The utility of an initial point-of-care lactate in predicting in-hospital mortality among adult patients with sepsis and septic shock at the emergency department of a tertiary hospital in Nairobi
Date of Award
Master of Medicine (MMed)
Dr Daniel Maina
Dr Geoffrey Omuse
Dr Benjamin Wachira
Pathology (East Africa)
Background: Sepsis is a leading cause of death and now a global health priority. Rapid identification, diagnosis and intervention can result in reduced in-hospital mortality. Elevated lactate has been shown to be a strong predictor of in-hospital mortality. However, the optimal cut-off has not been well defined. Identification of the optimal Point-of-Care (POC) lactate cut off that best predicts in-hospital mortality can therefore be used to rapidly risk stratify patients with suspected sepsis and septic shock presenting to the emergency department allowing for immediate intervention.
Objective: To determine the lactate cutoff from an initial Point-of-Care lactate result from a GEM 3500® blood gas analyzer that best predicted in-hospital mortality in patients with suspected sepsis and septic shock presenting to the emergency department.
Methods: This was a cross-sectional study. All adult patients who presented to the emergency department between 1st January 2018 and 31st August 2020 with suspected sepsis or septic shock and were admitted to the hospital were included in the study. Initial POC lactate results, demographic and outcome data were collected. A receiver operating characteristic (ROC) curve for initial POC lactate values was be plotted to determine the area under the curve (AUC). An optimal initial lactate cut-off was then determined using the Youden Index. Kaplan-Meier curves were used to determine the hazard ratio for the identified lactate cut-off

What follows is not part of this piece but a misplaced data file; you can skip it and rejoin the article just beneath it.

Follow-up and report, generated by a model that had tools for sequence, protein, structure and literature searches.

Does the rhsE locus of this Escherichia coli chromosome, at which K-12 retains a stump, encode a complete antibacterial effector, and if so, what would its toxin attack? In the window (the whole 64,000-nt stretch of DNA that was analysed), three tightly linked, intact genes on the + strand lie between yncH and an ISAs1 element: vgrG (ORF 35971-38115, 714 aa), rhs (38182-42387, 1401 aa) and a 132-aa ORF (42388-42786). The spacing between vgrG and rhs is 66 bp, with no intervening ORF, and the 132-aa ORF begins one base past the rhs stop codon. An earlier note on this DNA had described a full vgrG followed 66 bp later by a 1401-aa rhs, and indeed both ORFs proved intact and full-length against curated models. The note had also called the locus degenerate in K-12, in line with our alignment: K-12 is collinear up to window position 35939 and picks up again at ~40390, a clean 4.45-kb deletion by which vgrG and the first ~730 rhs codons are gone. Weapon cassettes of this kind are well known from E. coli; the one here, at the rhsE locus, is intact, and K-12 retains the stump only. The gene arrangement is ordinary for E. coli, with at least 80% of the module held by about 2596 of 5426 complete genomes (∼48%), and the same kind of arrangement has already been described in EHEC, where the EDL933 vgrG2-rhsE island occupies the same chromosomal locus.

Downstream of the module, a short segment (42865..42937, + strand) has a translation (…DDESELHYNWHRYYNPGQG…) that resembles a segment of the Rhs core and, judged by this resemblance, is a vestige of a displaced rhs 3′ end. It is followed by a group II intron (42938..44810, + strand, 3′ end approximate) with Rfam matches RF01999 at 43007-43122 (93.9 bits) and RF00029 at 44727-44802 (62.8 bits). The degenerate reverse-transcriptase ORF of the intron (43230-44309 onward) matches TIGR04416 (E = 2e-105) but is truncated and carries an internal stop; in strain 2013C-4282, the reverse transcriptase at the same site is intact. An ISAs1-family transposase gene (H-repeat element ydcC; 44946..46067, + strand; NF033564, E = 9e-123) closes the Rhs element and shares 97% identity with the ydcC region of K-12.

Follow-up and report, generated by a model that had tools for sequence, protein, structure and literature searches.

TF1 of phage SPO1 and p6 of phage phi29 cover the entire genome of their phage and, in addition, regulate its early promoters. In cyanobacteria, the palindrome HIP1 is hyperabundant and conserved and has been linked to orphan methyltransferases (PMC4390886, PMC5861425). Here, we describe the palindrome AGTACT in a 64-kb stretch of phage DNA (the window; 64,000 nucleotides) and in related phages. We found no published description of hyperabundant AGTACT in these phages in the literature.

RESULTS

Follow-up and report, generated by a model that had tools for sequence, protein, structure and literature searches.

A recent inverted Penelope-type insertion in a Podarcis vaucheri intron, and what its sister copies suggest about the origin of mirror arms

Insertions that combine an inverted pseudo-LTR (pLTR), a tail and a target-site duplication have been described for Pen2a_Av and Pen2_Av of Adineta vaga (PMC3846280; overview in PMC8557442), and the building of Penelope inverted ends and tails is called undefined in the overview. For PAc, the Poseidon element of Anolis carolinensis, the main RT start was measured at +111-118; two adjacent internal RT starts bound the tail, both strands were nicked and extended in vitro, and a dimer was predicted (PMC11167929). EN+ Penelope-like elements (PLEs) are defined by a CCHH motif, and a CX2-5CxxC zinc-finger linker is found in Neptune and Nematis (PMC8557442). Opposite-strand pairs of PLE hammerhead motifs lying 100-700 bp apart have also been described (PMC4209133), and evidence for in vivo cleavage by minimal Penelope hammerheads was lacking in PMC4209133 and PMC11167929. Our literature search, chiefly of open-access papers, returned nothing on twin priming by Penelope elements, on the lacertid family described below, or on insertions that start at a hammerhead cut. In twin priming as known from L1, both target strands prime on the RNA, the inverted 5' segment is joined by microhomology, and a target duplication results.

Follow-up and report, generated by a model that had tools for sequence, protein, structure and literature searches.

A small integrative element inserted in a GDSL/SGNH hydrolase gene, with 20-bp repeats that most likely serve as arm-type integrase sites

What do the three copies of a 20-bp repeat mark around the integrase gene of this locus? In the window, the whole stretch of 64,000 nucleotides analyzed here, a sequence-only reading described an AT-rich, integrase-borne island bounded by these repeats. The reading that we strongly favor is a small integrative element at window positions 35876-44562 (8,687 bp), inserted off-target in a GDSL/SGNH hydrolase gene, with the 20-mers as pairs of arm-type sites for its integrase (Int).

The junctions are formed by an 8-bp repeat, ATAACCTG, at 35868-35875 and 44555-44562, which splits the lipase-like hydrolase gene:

Results: The final study cohort comprised of 123 patients with a median age of 61 years (interquartile range [IQR] 41.0-77.0). Initial lactate independently predicted in-hospital mortality (OR 1.41 95% CI [1.06, 1.87] p=0.018). An initial lactate cutoff of 3.5mmol/L was found to best predict in-hospital mortality, AUC 0.752 (95% CI, 0.643 to 0.86, sensitivity 66.7%, specificity 71.4%). Mortality was 42.1% (16/38) in patients with initial lactate of ≥ 3.5mmol/L and 12.7% (8/63) in patients with an initial lactate of less than 3.5mmol/L (HR, 3.388; 95% CI, 1.432–8.018; p<0.005).
Conclusion: An initial POC lactate of ≥ 3.5mmol/L best predicted in-hospital mortality in patients presenting with suspected sepsis and septic shock to the emergency department. This should be incorporated in sepsis and septic shock protocols to help in the early identification and management of these patients to reduce their in-hospital mortality.
Nyachira, G. B. (2021). The utility of an initial point-of-care lactate in predicting in-hospital mortality among adult patients with sepsis and septic shock at the emergency department of a tertiary hospital in Nairobi (Unpublished master's dissertation). Aga Khan University, East Africa.